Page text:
The Netherlands Authority for Consumers and Markets (ACM) is calling for amendments to current European Union legislation in order to ensure companies such as Apple provide payment apps with access to a smartphone’s NFC chip to give users a choice of in-store payment methods on their device.
The call comes as ACM completes its investigation into whether restricting access to a device’s NFC chip constitutes a breach of competition rules. It says that the investigation “confirms the previously identified anti-competitive concerns on the Dutch market for payment apps”.
“However, the Interchange Fee Regulation (IFR), the European rules on the basis of which ACM conducted this investigation, is not suitable for alleviating these anti-competitive concerns in the Netherlands. That is why ACM is in favour of additional European rules.”
“ACM’s investigation has revealed that access to NFC technology is an important prerequisite for market participants to invest in the development of payment apps of their own,” the regulator adds.
“This is because consumers are already able to pay in brick-and-mortar stores using this technology: it is already installed in payment cards.
“Since market participants such as banks are not given access to this technology on smartphones, they have not started developing or even stopped developing payments apps of their own.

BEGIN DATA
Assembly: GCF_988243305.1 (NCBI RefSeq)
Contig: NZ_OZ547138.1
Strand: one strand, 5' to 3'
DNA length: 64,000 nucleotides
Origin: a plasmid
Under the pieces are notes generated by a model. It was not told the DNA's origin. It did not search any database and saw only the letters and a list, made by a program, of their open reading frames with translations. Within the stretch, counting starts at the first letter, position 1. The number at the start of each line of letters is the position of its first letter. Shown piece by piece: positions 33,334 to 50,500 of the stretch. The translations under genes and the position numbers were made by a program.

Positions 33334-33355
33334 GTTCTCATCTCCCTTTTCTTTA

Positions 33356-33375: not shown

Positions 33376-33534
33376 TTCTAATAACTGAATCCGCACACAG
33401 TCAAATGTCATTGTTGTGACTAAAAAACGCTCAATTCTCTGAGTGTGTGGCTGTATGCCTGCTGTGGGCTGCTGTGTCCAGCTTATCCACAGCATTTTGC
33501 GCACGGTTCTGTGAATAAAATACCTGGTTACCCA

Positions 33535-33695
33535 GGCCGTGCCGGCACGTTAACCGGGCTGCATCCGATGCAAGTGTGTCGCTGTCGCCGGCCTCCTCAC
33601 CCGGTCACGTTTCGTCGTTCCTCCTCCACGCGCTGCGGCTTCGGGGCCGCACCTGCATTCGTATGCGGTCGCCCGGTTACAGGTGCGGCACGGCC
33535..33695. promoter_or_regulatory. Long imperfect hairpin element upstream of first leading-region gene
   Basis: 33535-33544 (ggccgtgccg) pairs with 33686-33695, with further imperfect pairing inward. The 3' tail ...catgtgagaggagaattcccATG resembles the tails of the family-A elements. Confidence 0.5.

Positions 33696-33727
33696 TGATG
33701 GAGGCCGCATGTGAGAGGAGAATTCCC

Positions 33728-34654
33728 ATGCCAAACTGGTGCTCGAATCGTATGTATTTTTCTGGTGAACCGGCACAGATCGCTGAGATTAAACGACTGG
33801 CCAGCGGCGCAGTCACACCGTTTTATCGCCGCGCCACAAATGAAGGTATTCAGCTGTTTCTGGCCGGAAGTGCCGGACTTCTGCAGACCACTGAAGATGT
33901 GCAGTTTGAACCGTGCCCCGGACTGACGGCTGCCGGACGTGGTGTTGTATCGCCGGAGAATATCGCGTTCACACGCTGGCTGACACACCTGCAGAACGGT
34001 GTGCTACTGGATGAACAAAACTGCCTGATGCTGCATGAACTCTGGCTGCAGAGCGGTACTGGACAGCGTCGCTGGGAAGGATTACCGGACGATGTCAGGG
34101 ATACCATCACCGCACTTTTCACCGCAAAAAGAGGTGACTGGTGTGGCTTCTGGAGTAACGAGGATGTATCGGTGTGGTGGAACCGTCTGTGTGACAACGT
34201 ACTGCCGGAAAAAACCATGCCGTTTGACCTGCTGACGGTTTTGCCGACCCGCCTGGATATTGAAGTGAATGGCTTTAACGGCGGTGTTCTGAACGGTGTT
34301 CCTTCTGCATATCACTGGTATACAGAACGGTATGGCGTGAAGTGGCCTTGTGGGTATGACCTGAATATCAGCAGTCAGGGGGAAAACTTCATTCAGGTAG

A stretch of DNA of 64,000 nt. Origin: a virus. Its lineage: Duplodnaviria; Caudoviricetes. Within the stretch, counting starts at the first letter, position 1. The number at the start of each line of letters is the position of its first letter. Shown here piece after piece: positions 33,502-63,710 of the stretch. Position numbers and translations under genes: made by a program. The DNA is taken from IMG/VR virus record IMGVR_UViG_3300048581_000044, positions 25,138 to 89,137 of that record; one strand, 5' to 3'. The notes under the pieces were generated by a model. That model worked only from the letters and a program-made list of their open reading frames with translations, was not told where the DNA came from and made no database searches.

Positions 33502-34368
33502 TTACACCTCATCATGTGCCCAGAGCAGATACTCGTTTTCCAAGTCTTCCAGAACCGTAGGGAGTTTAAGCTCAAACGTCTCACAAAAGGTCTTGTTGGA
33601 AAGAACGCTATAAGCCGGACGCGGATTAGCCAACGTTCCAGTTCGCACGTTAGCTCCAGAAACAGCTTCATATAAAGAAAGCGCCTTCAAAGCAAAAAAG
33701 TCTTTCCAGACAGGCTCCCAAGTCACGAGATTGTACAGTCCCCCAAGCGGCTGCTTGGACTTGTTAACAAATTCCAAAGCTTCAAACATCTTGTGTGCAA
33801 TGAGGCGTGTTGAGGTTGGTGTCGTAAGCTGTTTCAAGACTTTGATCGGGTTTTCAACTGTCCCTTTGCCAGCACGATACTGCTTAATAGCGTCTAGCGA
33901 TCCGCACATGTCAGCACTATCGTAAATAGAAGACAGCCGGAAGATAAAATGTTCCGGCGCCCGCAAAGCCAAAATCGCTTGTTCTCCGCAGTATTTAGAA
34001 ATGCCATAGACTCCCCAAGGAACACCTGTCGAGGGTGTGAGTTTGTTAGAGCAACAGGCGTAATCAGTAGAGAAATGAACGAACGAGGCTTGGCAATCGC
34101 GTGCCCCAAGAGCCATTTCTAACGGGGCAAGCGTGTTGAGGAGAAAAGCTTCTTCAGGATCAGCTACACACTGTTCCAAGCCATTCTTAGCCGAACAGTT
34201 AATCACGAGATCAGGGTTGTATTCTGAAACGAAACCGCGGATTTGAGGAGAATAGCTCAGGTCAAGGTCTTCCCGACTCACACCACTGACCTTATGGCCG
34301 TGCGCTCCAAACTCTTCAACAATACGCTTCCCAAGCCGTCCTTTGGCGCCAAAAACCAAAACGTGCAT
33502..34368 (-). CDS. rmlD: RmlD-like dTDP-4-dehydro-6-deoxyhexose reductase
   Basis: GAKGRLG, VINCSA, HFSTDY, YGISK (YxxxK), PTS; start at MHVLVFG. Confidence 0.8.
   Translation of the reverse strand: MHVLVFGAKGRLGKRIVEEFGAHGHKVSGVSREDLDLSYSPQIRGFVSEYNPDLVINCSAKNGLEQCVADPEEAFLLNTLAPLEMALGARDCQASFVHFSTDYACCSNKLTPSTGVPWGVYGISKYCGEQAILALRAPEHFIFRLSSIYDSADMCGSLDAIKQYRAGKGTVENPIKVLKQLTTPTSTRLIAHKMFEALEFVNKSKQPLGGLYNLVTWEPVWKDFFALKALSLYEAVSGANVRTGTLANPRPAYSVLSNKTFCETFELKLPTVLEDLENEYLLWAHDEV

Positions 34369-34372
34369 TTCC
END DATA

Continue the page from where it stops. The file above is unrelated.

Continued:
“As a result thereof, consumers and retailers have fewer methods of payment to choose from.
“ACM examined whether the IFR offered sufficient options to tackle this problem by mandating access to NFC technology on smartphones. This turned out not to be the case.
“The IFR can only be used if there is a choice between different payment apps. That choice currently does not exist in the Netherlands.
“In other countries, where competitor payment apps do exist, the IFR may be applied.”
Among the changes ACM is now calling for are amendments to the EU’s Payment Services Directive II (PSD2) and the introduction of a Digital Markets Act to mandate smartphone manufacturers and other technical service providers to offer access to technologies such as NFC.
“Amending existing rules and introducing new rules will create a level playing field for payment app providers,” ACM says.
The European Commission launched its own antitrust investigation into “whether Apple’s conduct in connection with Apple Pay violates EU competition rules” in June 2020 and said it was stepping up that investigation in May this year.
Dutch regulator calls for extra EU rules to ensure payment app access to smartphone NFC technology was written by Tom Phillips and published by NFCW.